Chinese reed as a climate-friendly bioethanol source

Chinese reed as a climate-friendly bioethanol source

The Giant Miscanthus is intended to become a feedstock for sustainable fuel alternatives on marginal lands.

Zwei Forscher in einem Miscanthus-Feld
Bioethanol from the Giant Miscanthus combined with carbon storage in depleted petroleum reservoirs can help reduce greenhouse gas emissions.

Bioethanol is a bio-based alternative to petroleum-based fuels or fuel blends. A European research network with the participation of the University of Hohenheim has developed an experimental project whose process is even supposed to be more climate-friendly than merely climate-neutral. The focus is on the giant grass Miscanthus × gigantheus and the storage of carbon dioxide (CO2). 

COreduction potential greater than 100%

"Combining bioethanol production with carbon capture and storage technologies could help remove carbon dioxide from the atmosphere," project coordinator Andreas Kiesel from the University of Hohenheim is convinced. "Depending on the accounting approach for biological carbon storage, a reduction potential of more than 100 % compared to the EU benchmark for fossil fuels is likely," calculates his colleague Jan Lask.

The pilot plant is to be built in Sisak, Croatia, next to an oil refinery. The refinery's former oil fields will absorb the CO2 produced during bioethanol production. "On the one hand, the refinery is located in the immediate vicinity of depleted oil deposits that can be used for CO2 storage and, according to experts, are stable in the long term for the next 1,000 years and beyond," explains Kiesel. On the other hand, there are around 60,000 hectares of former farmland in the vicinity of the plant that were abandoned during the Yugoslavian war in the 1990s.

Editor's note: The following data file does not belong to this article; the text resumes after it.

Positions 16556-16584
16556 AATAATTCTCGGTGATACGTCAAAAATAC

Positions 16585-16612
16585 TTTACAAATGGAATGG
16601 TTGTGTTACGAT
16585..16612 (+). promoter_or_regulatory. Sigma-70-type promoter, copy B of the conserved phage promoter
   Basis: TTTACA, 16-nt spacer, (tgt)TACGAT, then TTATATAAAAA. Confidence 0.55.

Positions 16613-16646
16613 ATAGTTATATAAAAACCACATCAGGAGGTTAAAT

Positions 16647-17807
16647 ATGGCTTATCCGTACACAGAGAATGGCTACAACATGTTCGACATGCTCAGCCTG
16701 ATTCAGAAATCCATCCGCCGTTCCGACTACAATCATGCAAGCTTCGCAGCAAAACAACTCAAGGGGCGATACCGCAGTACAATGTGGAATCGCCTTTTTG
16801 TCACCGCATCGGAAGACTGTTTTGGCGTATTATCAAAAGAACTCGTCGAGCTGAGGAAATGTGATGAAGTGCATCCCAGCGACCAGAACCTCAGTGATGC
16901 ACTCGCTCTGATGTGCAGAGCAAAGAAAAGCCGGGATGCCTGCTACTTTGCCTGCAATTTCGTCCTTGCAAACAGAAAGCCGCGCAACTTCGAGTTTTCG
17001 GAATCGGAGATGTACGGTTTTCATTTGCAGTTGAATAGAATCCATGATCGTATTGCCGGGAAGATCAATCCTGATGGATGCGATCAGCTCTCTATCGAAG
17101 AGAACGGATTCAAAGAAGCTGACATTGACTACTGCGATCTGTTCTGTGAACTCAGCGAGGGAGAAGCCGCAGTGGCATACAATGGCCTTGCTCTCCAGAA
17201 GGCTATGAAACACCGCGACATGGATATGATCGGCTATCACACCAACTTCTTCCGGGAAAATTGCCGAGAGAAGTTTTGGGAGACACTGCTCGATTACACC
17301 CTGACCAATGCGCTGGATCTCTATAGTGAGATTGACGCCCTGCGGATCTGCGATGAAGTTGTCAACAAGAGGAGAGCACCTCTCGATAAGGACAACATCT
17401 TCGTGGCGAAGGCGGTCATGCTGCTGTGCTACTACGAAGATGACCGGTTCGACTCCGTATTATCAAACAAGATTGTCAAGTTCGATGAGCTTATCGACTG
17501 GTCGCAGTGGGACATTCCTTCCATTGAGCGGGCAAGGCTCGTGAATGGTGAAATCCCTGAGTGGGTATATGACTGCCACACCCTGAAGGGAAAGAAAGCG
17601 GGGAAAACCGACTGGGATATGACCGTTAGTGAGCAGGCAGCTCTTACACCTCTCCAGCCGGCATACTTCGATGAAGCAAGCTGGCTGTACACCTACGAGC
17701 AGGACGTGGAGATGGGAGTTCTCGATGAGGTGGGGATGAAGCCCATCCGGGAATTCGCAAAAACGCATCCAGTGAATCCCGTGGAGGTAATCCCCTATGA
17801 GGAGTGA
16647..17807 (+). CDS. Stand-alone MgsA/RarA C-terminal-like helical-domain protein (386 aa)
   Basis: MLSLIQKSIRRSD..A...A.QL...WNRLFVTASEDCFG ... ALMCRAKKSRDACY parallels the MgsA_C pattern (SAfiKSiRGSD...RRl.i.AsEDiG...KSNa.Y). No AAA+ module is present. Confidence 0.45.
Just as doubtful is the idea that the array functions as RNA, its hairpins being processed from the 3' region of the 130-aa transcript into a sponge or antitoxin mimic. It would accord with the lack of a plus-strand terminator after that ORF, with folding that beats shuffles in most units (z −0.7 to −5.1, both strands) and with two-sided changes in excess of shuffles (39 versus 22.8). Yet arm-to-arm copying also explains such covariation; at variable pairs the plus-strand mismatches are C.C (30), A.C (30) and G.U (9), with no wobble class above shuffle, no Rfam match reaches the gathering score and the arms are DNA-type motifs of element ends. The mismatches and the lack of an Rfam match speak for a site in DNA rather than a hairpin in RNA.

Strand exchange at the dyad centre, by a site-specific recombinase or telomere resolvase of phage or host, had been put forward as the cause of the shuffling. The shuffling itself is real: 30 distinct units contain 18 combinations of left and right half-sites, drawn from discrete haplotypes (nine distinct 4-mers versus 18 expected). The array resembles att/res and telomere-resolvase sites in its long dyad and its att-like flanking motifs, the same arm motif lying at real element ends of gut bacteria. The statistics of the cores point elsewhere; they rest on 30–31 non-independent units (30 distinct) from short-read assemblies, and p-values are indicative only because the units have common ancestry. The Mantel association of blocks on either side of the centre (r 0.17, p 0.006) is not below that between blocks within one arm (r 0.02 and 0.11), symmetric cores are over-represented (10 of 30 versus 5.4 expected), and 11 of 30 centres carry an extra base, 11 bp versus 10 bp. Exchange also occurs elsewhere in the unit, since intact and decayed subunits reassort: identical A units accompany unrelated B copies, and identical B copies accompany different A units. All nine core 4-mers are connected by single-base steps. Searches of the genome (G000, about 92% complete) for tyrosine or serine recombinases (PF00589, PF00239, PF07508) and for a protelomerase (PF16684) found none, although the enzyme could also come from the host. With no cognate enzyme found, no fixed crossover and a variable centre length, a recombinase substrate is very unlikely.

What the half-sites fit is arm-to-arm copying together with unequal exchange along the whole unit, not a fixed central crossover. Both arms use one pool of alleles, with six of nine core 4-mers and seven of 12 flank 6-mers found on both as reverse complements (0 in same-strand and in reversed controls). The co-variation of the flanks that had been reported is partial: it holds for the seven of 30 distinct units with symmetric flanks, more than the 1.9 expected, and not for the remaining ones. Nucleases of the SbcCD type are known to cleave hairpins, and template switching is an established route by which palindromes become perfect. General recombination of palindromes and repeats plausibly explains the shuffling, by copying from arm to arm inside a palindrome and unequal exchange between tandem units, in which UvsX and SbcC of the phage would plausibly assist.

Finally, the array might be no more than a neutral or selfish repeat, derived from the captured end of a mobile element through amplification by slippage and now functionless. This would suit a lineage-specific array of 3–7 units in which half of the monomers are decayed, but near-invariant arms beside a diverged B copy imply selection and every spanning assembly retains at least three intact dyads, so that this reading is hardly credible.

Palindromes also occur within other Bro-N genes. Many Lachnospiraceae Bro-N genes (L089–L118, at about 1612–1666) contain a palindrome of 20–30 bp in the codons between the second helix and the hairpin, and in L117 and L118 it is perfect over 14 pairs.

Cultivation on marginal soils

From the outset of the joint project "Growing Advanced Industrial Crops on Marginal Lands for Biorefineries" (GRACE), it was clear that the raw materials for bioethanol should not compete with the production of food and animal feed. That's why the focus fell on miscanthus, a grass up to three meters tall that grows on marginal land - where other crops don't thrive. "This allows unused land to be cultivated again without competing with food and feed crops or other products," Lask explains.

In addition, miscanthus offers several other advantages: As a perennial plant, the grass stabilizes the soil and prevents its erosion. Once established, it also suppresses weeds, which is particularly promising at the project site. That's because the invasive plant bastard indigo is spreading there. "Large-scale cultivation of miscanthus could be an option to reduce the spread of this species," Lask says. The research project is rounded off by studying the extent to which miscanthus cultivation can be sustainable.

Term until end of 2022

GRACE started on June 1, 2017, and will run until December 31, 2022. The project is funded with 12.3 million euros by the private-public research cooperation "Bio-based Industries Joint Undertaking" between the European Union and the Bio-based Industries Consortium, an association of major bioeconomy companies. Private project partners are contributing a further 2.7 million euros.